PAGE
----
Orpheus Descending | Theater Critic's Choice | Chicago Reader

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Orpheus Descending

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In 1957 Tennessee Williams came up with his own take on the Orpheus myth, a deep-south gothic tale aptly titled Orpheus Descending. Now the play--which inspired a semisuccessful screen version, The Fugitive Kind, starring Marlon Brando and Anna Magnani--has been turned into a two-act opera by Bruce Saylor, Lyric Opera's composer in residence. Saylor first saw the play in its 1989 Broadway revival, with Vanessa Redgrave and Kevin Anderson as the leads, and immediately recognized the operatic potential in its flamboyant gestures and sultry poetry of doom. Collaborating with J.D. McClatchy (a veteran librettist and editor of the Yale Review), he stayed largely faithful to the play's allegorical tone, though he streamlined its plot, in which a reformed hustler, Val Xavier (savior?), wanders into a small town rife with corruption and decadence--hell on earth--and unwittingly wreaks havoc by succumbing to the charms of Lady Torrance, an older woman with a woeful past and a bedridden husband. A musical eclectic and a master songwriter, Saylor has come up with a modern tonal style that allows him to fit the music around Williams's hypnotic cadences so that the focus is on the symbolic and emotional context. A first-rate creative team has been recruited for this production from the Lyric Opera Center for American Artists. The staging is by Rhoda Levine, a provocative director and choreographer of modern operas who also teaches at Northwestern; the set and costume design is by Marie Anne Chiment; and the lighting is by Christine Solger. Heading the youthful cast are baritone Victor Benedetti (Val), soprano Juliana Rambaldi (Lady), mezzo-soprano Terese Fedea (as Carol Cutrere, who has the hots for Val), and bass-baritone Stephen Morscheck (Jabe Torrance). Conducting these premiere performances is Stewart Robertson, the much- heralded music director of the Santa Fe Symphony and the Glimmerglass Opera. Friday and Saturday, 7:30 PM, Cahn Auditorium, Northwestern University, 600 Emerson, Evanston; 332-2244 or 708-491-5441.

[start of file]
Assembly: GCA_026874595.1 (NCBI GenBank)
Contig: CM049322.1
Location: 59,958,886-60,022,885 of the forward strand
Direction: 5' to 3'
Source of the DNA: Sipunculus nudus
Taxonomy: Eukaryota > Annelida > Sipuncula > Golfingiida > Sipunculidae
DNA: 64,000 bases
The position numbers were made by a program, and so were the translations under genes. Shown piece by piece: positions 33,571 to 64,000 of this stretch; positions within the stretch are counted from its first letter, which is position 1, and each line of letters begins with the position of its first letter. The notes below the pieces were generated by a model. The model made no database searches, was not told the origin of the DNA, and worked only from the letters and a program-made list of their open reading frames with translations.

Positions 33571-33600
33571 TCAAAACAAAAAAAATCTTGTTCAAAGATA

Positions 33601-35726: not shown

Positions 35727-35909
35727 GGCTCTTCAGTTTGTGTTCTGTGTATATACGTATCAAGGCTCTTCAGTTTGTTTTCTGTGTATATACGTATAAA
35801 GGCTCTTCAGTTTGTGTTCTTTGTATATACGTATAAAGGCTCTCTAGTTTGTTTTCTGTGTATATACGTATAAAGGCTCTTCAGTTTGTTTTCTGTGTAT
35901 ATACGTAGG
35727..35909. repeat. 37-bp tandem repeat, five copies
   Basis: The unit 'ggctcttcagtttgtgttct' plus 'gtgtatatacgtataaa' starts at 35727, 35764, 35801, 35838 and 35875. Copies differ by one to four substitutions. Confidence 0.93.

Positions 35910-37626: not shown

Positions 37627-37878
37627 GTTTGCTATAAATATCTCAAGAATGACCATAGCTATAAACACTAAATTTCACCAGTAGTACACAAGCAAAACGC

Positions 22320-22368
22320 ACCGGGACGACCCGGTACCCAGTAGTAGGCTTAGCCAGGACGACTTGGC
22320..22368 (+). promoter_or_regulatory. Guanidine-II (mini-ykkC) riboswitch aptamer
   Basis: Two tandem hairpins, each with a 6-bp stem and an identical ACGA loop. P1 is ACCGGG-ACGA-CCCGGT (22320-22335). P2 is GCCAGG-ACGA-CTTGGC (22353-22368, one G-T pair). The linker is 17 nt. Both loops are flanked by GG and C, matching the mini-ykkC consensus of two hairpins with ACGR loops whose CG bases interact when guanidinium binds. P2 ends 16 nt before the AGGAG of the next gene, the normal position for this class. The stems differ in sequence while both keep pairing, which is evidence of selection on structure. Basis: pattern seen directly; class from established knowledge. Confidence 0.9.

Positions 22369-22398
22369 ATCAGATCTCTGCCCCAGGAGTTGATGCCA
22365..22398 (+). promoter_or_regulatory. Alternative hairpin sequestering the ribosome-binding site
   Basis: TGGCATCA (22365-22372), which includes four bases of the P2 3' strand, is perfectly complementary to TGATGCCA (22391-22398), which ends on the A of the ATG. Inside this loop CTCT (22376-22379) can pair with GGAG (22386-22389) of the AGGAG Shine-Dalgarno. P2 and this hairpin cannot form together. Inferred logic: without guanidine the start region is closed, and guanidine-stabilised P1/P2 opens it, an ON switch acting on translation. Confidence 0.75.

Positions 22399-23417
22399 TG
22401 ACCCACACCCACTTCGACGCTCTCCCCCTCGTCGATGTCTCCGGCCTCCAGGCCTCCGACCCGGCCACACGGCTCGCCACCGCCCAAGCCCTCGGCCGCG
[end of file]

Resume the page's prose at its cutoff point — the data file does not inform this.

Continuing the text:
Art accompanying story in printed newspaper (not available in this archive): photo/Dan Rest.

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